Thursday, January 10, 2008

Ohio to prohibit discrimination based on "military status"

I try to stay on top of all issues that impact Ohio employers, but this one simply fell beneath my radar. On December 20, Governor Strickland signed into law House Bill 372 – The Ohio Veterans Package.

Of importance to employers, the law, which will go into effect on March 18, 2008, adds "military status" to the list of classes protected from discrimination in employment by Ohio Revised Code chapter 4112. "Military status" means a person's status in "service in the uniformed services," which includes active duty, active duty for training, initial active duty for training, inactive duty for training, full-time national guard duty, and performance of duty or training by a member of the Ohio organized militia, in addition to any period of time a person is absent from work for a fitness for duty exam for such service.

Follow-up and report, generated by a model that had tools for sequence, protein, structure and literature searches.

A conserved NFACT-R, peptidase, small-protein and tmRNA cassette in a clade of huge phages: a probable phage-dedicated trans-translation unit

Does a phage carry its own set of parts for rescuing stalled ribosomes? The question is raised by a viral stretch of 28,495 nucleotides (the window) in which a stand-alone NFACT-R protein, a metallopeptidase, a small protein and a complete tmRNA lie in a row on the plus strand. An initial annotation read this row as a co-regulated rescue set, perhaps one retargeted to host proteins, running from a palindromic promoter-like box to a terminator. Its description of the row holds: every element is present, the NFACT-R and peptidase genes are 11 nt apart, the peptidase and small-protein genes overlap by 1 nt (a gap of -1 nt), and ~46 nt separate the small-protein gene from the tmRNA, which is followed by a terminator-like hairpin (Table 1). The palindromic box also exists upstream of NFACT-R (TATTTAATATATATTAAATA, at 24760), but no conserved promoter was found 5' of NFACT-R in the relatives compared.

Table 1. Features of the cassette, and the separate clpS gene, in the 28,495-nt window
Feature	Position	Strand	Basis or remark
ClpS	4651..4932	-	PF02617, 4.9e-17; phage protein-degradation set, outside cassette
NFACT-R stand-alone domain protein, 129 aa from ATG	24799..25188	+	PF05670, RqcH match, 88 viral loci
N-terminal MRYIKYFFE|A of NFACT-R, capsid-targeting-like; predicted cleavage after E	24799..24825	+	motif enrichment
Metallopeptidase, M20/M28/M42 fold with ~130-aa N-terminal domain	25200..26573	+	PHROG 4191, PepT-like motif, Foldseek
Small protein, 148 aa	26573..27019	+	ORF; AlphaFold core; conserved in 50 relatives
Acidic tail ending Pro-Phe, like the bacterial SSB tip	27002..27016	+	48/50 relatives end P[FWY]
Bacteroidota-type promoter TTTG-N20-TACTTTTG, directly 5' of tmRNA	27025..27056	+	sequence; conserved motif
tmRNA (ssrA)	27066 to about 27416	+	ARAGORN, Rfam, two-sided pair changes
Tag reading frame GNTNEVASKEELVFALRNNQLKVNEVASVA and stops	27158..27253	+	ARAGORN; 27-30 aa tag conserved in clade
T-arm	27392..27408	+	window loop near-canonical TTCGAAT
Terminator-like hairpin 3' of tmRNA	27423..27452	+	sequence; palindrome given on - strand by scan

Ohio now joins a handful of other states in which it is illegal to discriminate based on military status. This law does will not affect the rights that employees already enjoy under the federal Uniformed Services Employment and Reemployment Rights Act (USERRA). Now is as good a time as any to educate your supervisors and managers that "military status" will be joining the list of employment law no-nos in Ohio, alongside race, sex, age, disability, religion, national origin, color, and ancestry.

(Hat tip to John Phillips' Word on Employment Law.)